The Kansas City Financial Stress Index uses 11 different factors to identify if current financial stress is above or below long-term averages. This result can give investors insight into how the market and the economy are directionally doing. Ahead of the financial crisis, the stress index started moving higher in 2007 and moved above zero in August 2007, as cracks under the surface started to appear for the market and the economy. More recently, in 2015, the index moved incrementally higher with uncertainty appearing across the fixed income markets, in particular the high-yield market. In both cases, the incremental increases in the index shed light on cracks percolating outside of the headlines. Both times, this index was a timely and correct indicator.
Basically, the Kansas City index looks at a wide range of economic and financial factors, rather than just narrow trading action. Getting into the details of the exact factors (as discussed below) can be a bit daunting. But the factors can be narrowed down to two groupings—yield ratios and asset behavior—that describe what investors and markets are thinking.
Yield ratios. These ratios give an indication of how much extra investors want to be paid for taking on greater risk and less liquidity. In bad times, investors look to invest in higher-quality, more liquid securities because they are uncertain about the future. Thus, the Kansas City index compares a variety of bond markets relative to higher-quality equivalents. It uses ratios (dividing the yield of two securities) versus spreads (subtracting the yield from two securities), which allows for less distortion in low-rate environments. Also, using financing ratios of corporations and consumers gives insights into the broader economy.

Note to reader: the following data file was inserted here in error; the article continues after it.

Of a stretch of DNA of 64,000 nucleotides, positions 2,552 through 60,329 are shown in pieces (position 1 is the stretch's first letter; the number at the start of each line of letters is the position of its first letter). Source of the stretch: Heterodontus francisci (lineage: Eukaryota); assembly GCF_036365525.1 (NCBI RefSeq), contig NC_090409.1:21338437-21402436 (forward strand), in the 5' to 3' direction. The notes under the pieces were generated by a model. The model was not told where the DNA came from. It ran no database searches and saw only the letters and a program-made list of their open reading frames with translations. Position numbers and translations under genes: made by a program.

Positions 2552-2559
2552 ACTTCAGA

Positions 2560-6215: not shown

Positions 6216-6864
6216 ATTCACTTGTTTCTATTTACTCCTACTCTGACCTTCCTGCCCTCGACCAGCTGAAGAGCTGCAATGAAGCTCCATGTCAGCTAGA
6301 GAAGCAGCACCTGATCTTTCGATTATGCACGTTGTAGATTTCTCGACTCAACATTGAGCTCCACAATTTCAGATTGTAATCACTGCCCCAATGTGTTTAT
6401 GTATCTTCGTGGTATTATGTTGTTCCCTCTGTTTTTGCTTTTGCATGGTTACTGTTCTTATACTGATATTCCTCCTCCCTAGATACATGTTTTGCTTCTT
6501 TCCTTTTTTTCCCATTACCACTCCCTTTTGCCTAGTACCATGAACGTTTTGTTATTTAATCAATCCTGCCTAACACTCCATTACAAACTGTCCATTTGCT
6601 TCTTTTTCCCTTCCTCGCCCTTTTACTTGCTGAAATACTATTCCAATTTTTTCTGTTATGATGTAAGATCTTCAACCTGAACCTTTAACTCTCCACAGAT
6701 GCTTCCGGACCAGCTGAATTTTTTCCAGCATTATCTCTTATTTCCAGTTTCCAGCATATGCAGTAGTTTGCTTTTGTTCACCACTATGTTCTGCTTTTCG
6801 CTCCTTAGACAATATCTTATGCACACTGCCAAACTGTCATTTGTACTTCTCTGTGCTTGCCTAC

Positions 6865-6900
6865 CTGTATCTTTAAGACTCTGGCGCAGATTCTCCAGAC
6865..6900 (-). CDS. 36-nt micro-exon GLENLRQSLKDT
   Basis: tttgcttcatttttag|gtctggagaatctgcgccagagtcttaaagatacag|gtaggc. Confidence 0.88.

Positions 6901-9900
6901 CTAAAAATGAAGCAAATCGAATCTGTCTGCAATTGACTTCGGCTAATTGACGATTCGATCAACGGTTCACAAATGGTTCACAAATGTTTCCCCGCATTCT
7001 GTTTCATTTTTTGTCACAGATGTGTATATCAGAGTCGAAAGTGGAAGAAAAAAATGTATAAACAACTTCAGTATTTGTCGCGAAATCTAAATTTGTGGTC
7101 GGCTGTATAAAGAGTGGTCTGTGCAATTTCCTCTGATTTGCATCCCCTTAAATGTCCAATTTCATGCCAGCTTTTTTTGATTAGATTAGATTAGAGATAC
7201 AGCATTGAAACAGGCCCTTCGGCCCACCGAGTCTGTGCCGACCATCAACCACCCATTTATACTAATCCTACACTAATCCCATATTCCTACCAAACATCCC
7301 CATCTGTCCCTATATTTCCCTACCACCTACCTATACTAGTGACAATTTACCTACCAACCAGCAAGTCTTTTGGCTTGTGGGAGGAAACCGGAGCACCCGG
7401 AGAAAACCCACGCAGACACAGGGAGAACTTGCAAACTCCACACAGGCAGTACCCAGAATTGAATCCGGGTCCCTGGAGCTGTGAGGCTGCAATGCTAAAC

Asset behavior. These indicators can be split into broad market and banking-related indicators. Banks are economically sensitive. During periods of stress, investors shun those banks that are deemed lower quality and prefer banks that are good quality. This preference creates a wide range of performance among the bank stocks when times are bad and a narrow range when investors are willing to take on more risk, which influences the stress index. The Kansas City index also uses two volatility measures, one of which is the VIX. The other focuses on the volatility of banks to help show if things are getting more volatile or less.
What about the St. Louis Financial Stress Index?
The St. Louis Financial Stress Index is another widely cited stress index. Indeed, at its core, it has many similarities to the Kansas City index. But the St. Louis index puts a greater weight on absolute yield levels that have been trending lower for a period. Also, rather than going “under the hood with bank stocks,” the St. Louis index merely looks at the price level of bank stocks. Here at Commonwealth, we look at all these factors. But for my money, the Kansas City index is the better measure.
Look below the headlines
Although the VIX is the media’s preferred indicator of stress within the market, the Kansas City Financial Stress Index does a better job of measuring broad stress across the market. More important, its directional movement can show stress is ebbing or flowing under the surface of the economy. The effect of the movement can be used as an indicator for investors about whether they should be wary of underlying market and economic factors rather than being blinded by flashy headlines from the media. Of course, it is important to watch the headlines. But paying more attention to the details underneath is necessary to properly manage your investments.